While campaigning for the highest office in the land, presidential hopefuls and their advisers have turned to Foreign Affairs to publish essays laying out how they see the world. Click here to see a full collection of those articles, grouped by election year.
With no Soviet threat, America has found it exceedingly difficult to define its "national interest." Foreign policy in a Republican administration should refocus the country on key priorities: building a military ready to ensure American power, coping with rogue regimes, and managing Beijing and Moscow. Above all, the next president must be comfortable with America's special role as the world's leader.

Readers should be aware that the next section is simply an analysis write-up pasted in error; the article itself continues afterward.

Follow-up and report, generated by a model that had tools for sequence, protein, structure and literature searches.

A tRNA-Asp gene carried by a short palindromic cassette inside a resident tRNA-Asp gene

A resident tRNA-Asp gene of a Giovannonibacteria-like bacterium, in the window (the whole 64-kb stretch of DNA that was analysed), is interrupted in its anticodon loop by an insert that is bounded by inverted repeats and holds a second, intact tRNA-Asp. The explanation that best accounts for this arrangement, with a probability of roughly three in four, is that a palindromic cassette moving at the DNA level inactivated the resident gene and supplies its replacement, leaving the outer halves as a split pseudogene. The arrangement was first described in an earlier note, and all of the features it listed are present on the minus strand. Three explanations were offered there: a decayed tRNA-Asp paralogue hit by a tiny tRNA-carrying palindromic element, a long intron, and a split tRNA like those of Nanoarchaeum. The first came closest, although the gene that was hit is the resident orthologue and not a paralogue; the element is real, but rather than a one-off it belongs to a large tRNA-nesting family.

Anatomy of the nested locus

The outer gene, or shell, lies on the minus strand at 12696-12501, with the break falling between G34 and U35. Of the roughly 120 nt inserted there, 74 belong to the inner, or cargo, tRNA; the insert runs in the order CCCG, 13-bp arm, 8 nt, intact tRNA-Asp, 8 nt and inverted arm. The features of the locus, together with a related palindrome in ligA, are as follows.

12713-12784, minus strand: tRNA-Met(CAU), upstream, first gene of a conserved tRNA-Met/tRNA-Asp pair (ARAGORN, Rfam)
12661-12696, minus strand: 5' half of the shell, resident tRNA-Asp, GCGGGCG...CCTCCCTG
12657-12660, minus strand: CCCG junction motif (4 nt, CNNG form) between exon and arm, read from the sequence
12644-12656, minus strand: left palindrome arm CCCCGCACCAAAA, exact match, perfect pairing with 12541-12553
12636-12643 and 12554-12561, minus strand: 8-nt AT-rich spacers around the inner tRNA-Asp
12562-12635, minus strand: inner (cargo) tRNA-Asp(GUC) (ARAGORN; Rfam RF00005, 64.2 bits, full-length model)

Today, America's economic vitality and military strength are unparalleled. America is at the hub of a changing economic world and must ambitiously promote open competition among regions. But the last century proved that economics alone does not ensure peace, so America must have unquestioned military superiority as well. A Republican administration must undo the mistakes of the last eight years.
The next Democratic president should build on Bill Clinton's legacy of embracing globalization and easing its downsides. This means developing a new system of global economic relations based on American leadership, open markets, engagement with China and other emerging markets, and stronger multilateral regimes to handle transnational challenges such as the environment, labor rights, and the information economy. A new world will need a global New Deal.